From Garden to Oven

You can put the heat on unexpected spring vegetables, like lettuces and radishes. Get garden-to-oven recipes at TwiceasTasty.com.
When the first vegetables grow big enough to harvest from the garden, I’m usually focused on enjoying them raw and fresh: leafy greens and herbs, green onions and garlic, radishes and peas. But as the recipes I’ve shared this month have shown, you can think beyond salads, garnishes, and snacks and actually cook these vegetables, whether they’re wilted over pasta or baked into a quiche.

You may already serve some spring produce, like asparagus and rhubarb, hot and sizzling. But it may never have occurred to you to put the heat on other vegetables, like lettuces and radishes.
Learn to cook spring vegetables and make Balsamic-Roasted Radishes

Quiche

Quiche is a bit more work than frittata, but it has its upsides too. Get quiche and frittata recipes at TwiceasTasty.com.
When I prepared to share this recipe, I was surprised to realize it would be my first quiche on the blog. It’s one of my favorite springtime dinners: the hens are back to a full laying schedule no matter how cold it was over winter, spring greens and herbs are ripe for the picking, and asparagus is growing by inches every day.

Quiche is a bit more work than frittata, because you have to make and roll out a crust. It also takes longer to cook, because you’re letting the eggs slowly set up in the oven. But it has its upsides too. Because the eggs cook slowly, they come out more like custard, whereas frittata has a tendency to set up more like hard-scrambled eggs and can burn on the bottom of you aren’t careful. The pastry helps to hold everything in place, which can make it easier to enjoy leftovers for a quick breakfast or pack them for lunch. And then there’s the pastry itself: if you’re making one crust, it’s the perfect excuse to double the recipe and bake a crumble-top pie. If you can’t justify a whole pie to yourself, the trimmed edges of the quiche crust can be rerolled into one of my favorite childhood snacks.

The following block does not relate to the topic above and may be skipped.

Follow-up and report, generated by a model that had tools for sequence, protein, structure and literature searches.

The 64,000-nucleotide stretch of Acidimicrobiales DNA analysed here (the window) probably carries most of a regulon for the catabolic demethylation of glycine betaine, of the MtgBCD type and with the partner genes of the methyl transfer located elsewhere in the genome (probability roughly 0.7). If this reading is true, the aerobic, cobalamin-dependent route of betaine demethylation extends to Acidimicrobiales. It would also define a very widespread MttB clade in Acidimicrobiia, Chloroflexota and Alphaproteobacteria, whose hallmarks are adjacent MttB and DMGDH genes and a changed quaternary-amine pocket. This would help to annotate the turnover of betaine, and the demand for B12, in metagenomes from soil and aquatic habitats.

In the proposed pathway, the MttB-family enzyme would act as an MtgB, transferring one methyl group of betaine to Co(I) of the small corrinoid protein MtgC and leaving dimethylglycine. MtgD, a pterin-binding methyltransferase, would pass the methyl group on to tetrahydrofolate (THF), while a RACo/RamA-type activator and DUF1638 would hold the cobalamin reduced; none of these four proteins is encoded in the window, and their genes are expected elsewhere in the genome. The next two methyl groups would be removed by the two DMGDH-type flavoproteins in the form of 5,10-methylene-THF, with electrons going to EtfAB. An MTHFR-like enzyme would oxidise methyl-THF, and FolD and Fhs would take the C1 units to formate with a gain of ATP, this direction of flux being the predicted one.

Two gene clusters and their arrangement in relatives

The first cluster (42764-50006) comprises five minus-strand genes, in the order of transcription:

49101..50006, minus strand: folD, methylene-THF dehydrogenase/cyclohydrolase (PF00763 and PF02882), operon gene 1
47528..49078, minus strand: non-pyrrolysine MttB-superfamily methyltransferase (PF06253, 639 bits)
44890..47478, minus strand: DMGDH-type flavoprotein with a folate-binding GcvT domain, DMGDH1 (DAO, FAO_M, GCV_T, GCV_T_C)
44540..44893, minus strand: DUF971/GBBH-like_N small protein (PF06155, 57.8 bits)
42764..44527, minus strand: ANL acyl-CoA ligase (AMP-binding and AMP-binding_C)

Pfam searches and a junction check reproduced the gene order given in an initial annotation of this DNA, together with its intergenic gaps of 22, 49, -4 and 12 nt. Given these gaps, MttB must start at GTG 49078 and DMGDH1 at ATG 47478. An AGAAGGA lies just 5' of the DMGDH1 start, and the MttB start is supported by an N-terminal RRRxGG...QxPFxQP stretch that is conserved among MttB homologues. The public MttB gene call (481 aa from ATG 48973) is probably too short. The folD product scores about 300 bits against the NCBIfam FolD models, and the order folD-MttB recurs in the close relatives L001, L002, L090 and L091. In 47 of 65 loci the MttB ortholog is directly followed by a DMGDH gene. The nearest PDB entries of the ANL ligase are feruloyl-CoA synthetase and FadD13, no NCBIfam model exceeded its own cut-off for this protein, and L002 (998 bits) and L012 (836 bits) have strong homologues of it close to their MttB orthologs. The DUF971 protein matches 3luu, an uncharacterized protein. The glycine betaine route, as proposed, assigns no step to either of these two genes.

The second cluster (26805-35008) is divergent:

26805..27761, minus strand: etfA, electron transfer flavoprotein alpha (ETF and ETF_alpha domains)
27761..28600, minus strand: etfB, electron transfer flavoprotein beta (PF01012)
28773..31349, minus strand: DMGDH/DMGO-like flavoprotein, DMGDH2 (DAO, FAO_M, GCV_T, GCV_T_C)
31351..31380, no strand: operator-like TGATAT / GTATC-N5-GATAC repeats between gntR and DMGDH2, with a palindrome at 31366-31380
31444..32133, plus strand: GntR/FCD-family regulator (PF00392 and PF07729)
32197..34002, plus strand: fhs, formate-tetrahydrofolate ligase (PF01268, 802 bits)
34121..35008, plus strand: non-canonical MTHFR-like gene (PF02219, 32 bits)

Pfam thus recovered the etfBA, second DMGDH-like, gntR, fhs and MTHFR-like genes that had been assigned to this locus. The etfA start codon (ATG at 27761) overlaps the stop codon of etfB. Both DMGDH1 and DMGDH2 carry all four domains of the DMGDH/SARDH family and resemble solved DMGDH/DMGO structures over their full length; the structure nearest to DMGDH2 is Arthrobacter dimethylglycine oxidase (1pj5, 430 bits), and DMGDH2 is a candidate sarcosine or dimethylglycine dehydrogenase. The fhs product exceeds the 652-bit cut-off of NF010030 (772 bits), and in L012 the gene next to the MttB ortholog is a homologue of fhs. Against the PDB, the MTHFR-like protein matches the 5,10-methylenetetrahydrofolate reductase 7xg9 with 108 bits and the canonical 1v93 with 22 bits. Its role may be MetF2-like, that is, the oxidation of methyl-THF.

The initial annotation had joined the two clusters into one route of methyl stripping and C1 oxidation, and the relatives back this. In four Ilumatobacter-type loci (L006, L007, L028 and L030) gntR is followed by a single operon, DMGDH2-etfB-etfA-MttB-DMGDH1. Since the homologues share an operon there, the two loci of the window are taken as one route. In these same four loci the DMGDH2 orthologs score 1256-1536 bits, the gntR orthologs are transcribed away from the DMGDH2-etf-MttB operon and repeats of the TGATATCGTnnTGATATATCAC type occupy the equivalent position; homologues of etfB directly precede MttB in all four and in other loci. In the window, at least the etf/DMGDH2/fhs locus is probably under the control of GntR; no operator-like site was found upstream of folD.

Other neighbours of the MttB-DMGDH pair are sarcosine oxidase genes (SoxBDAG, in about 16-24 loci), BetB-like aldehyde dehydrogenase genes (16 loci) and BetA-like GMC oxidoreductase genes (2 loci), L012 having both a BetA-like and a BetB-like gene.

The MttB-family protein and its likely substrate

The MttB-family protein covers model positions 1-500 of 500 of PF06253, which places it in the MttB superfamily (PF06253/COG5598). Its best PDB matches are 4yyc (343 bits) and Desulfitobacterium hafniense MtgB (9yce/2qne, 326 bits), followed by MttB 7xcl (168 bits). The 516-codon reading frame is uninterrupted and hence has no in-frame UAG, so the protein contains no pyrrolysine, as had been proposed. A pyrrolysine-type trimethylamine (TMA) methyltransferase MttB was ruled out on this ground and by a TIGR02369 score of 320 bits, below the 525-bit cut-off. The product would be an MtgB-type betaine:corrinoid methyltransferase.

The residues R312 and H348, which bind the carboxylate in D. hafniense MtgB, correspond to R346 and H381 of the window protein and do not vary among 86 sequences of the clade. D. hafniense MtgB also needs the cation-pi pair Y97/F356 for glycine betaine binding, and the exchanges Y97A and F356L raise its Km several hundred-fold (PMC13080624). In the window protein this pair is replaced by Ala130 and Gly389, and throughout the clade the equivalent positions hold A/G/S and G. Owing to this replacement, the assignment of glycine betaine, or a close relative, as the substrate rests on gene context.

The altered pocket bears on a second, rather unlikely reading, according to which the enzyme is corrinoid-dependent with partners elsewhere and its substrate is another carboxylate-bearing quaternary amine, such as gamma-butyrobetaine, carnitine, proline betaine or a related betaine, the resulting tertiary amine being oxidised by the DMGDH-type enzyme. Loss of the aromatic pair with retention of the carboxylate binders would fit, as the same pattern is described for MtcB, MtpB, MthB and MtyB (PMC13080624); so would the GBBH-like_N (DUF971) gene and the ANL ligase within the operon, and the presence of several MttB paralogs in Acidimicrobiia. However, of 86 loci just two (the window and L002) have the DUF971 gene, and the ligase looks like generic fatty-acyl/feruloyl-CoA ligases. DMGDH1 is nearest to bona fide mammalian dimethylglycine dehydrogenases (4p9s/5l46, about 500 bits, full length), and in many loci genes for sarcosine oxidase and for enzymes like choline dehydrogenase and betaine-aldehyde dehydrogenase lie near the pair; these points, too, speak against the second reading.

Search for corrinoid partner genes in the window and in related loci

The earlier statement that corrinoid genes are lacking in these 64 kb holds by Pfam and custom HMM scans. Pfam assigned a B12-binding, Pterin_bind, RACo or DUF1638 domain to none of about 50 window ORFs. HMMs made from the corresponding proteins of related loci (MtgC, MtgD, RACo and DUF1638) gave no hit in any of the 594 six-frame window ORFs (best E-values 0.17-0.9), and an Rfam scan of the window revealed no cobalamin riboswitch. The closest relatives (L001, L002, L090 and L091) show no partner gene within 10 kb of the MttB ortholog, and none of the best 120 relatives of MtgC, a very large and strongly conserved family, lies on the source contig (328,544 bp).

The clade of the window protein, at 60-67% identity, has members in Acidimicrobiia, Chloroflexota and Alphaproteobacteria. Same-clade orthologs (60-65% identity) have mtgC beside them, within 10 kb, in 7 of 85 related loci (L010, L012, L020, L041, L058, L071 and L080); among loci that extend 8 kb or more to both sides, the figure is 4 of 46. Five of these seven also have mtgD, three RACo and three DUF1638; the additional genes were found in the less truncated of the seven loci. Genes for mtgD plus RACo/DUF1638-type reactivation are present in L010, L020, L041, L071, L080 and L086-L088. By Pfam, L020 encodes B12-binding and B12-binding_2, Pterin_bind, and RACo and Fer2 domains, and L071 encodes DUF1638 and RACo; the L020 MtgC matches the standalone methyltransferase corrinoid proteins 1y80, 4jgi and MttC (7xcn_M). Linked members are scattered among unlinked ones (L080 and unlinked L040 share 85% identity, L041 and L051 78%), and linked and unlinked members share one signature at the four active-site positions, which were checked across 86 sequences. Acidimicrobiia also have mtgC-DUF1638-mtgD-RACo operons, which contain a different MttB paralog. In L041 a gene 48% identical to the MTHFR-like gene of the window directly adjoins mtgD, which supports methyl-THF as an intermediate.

Learn to make Spring Vegetable Quiche and a bonus snack

Spring Greens

Hearty spring greens are delicious raw but can stand some heat. Get spring green recipes at TwiceasTasty.com.
Even in my cold mountain climate, harvesting from the garden has begun. After a winter of eating home-preserved food, I’m ready to start savoring fresh produce in my meals—and of course squirrel away tasty morsels for next season.

In our current social climate, this may be the first time you’re growing your own food, focusing on eating locally grown food, and thinking of saving your harvest for future enjoyment. If so, welcome to the club! You’ll find various ways to eat and preserve many delicious foods on the blog. I’m also continuing my sourdough starter giveaway all month for those who want to enjoy freshly baked bread with their garden goodies. In this post, I highlight some of my favorite early garden treats: spring greens.
Learn to make spring green meals and Wilted Arugula Pasta

Homegrown Hints

These gardening resources and ideas may help as you’re getting your hands dirty. Learn more at TwiceasTasty.com.
If you’re back in the garden this month—or starting a new one—you’re not alone. The Economist reports that 45% of Britons are gardening during the lockdown, and Burpee says it sold more seeds in March than any time in its 144-year history. It’s going to be a tasty season for homegrown food.

Instead of planning meals to eat on our standard spring sailing adventure, we’ve been staying home and preparing the garden. Early seeds are in the ground (greens and peas), and cold-hardy brassica starts are being tested by cold nights. We jumped the gun a bit on starts for heat-loving greenhouse plants and have fingers crossed. It’s shaping up to be a good season.

The ins and outs of growing your own vegetables is a whole other blog, but here I pass on a few resources and ideas that may help as you’re getting your hands dirty. I’ll be sharing recipes this month that use spring crops, whether you have a container garden on your patio, raised beds in your backyard, or a weekly delivery box from a local farmer.
Read more about homegrown hints